Tuesday, April 07, 2015

Bicycle Coalition's diminishing dues

A reader send this:

  Year    Membership dues ($)  


Rats are jumping from the SFBC ship. Found SFBC IRS files for the past few years. One item is revenue from membership dues.

Their membership is $35 per person.

According to the table, there is about a 78% drop in paid membership dues from 2011 to 2013.

They haven't been bragging for some time how they are 12,000 people strong.

Rob's comment:
Yes, it's apparently official that the Bicycle Coalition's membership is now down to 9,315. For years it seemed like every time Leah Shahum was interviewed the membership swelled by 1,000. Those days are clearly over.

Along with how the MTA is sitting on the latest bicycle count report, these numbers show that the city's bike movement is now on the decline. But big bike projects continue to shamble zombie-like through city neighborhoods. In spite of the city's moribund bike movement, the neighborhood-damaging Polk Street bike project and the Masonic Avenue bike project are being justified by lies about safety.

Labels: , , , , ,


At 10:39 AM, Blogger Rkeezy said...

Why collect dues when you're on the government's payroll?

At 12:03 PM, Anonymous Anonymous said...


Here's the deal. If you donate to the SFBC education fund, it's tax deductable. Membership dues are not. Standard practice is now to donate some amount, say $200 to the education fund, get a tax deduction, and the SFBC waives your membership dues. QED.

Not only does it confuse your reader, it also means that the federal and state government are de facto supporting the SFBC via your taxes. Well, not Rob's taxes since he's a taker, not a maker.

It was a nice try though.

At 2:09 PM, Blogger Rob Anderson said...

Right. "Makers" bravely make anonymous comments to this blog. By the way, I pay the Prop. K city sales tax, part of which goes to the SFCTA to pay for the Central Subway boondoggle and, of course, goofy bike projects.

At 3:54 PM, Anonymous Gregski said...

Looks like a large decline in membership. I was a member for only one year, back when Ms. Shahum was always boasting about 12,000 members. I let my membership lapse because I concluded that the SFBC was a faith-based evengelical mission more concerned with people who don't (yet) ride bikes than people like my friends and me who ride thousands of miles every year. I knew I didn't belong there when I couldn't ever engage them in any conversation about where, in my experience, the most mayhem takes place: the intersections.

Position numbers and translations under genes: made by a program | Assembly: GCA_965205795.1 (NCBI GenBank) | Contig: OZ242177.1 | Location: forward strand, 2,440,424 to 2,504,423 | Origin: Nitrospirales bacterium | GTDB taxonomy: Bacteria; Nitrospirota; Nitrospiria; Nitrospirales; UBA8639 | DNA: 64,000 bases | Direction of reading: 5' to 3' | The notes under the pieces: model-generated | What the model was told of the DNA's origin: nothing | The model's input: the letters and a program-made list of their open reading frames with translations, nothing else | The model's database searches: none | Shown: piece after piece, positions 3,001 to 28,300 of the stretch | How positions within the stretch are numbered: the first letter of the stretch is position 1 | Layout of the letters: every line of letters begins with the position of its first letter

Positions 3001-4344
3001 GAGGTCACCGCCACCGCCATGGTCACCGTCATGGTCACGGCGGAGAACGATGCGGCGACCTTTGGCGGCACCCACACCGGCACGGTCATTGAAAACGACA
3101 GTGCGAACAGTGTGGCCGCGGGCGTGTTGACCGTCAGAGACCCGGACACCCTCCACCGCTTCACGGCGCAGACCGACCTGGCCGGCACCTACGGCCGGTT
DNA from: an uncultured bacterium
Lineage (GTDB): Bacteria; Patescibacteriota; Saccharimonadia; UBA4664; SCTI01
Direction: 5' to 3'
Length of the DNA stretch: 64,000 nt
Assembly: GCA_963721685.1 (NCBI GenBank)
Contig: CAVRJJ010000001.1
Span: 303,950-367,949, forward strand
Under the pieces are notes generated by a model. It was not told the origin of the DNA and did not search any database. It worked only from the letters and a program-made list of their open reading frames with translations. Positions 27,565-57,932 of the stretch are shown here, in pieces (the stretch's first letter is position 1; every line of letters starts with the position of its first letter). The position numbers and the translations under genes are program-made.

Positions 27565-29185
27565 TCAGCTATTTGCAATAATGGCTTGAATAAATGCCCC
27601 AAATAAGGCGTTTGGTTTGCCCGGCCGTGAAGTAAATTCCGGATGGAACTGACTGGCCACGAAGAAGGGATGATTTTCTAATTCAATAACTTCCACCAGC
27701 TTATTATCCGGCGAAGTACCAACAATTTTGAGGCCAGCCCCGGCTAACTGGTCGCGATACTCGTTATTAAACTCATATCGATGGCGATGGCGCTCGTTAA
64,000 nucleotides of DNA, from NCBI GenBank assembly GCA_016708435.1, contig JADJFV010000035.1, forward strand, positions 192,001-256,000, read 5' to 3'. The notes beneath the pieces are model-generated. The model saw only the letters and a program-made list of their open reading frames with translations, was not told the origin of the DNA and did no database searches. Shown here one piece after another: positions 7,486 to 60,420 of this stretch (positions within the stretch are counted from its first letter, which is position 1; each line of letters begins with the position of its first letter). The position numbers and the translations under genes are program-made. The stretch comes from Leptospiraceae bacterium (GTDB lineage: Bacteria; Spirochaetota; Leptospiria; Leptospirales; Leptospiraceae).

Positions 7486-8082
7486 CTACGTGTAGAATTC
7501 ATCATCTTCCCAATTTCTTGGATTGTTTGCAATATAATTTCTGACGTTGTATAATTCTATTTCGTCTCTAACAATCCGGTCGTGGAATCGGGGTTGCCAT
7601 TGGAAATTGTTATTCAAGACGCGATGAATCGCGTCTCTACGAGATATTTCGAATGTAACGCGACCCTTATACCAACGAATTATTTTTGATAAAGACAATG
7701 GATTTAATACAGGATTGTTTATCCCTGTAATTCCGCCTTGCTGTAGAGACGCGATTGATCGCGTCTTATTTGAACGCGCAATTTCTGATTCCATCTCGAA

Oh, and in response to the anonymous comment about tax-deductability, enterprises that grant valuable perquisites to their donors as a reward for donating are typically required to inform the donor of the value of said perquisites and to subtract it from the tax-deductible portion of the donation.

At 5:15 PM, Anonymous Anonymous said...

enterprises that grant valuable perquisites to their donors as a reward for donating are typically required to inform the donor of the value of said perquisites and to subtract it from the tax-deductible portion of the donation.

Fortunately, I was able to copy all of your writing to convince the IRS that a membership to the SFBC is worthless, and thus nothing needs to be subtracted from my donation.

At 9:17 PM, Anonymous Steve said...

The anonymous poster is trying to confuse the readers.

What is the relationship between the SFBC and the SFBC ed. fund?

Since the anonymous poster donates to the SFBC ed. fund, why can't they become a member of the SFBC ed. fund?

Sounds fishy that they give money to one org but get membership waived with another org.

At 6:42 AM, Anonymous Anonymous said...

I dropped my membership in the SFBC when they use to poll their members about who they would vote for. When they refused to post the actual number of member votes on their web site and merely stated that so and so won i called Shahum and asked them why. She said we don't get into that level of detail. At that point I figured this was not a truly democratic group which openly shared any information that might be too far from their reality, real or perceived. Anyway, it was at that point that I felt they were a closed secretive group which did not want any other views expressed. That was more than 8 years ago.

At 1:27 PM, Blogger Rob Anderson said...

Learn more about the SFBC's Education Fund here. You can get a tax deduction for, among other things, contributing to Bike to Work Day and teaching children to ride bikes here in SF.

At 4:04 PM, Anonymous Anonymous said...

Who cares? They're doing just fine and with the passing of prop A & B, and the utter rejection of prop L it's very clear that people care about non-vehicle commuting.

At 10:23 AM, Blogger Rob Anderson said...

"Non-vehicle commuting"? You mean bikes as opposed to cars, right? But commuting by bike in the city has stalled for years at less than 4%. Where's the latest bicycle count report to update that percentage? The Bicycle Coalition's membership has declined, and there are 30,000 more motor vehicles registered in SF than there were in 2000. Muni---that is, "motorized" vehicles---the real alternative to cars for most people, has more than 700,000 boardings every workday.

People have made their choices, and only a small minority in the city chose bikes.


Post a Comment

Links to this post:

Create a Link

<< Home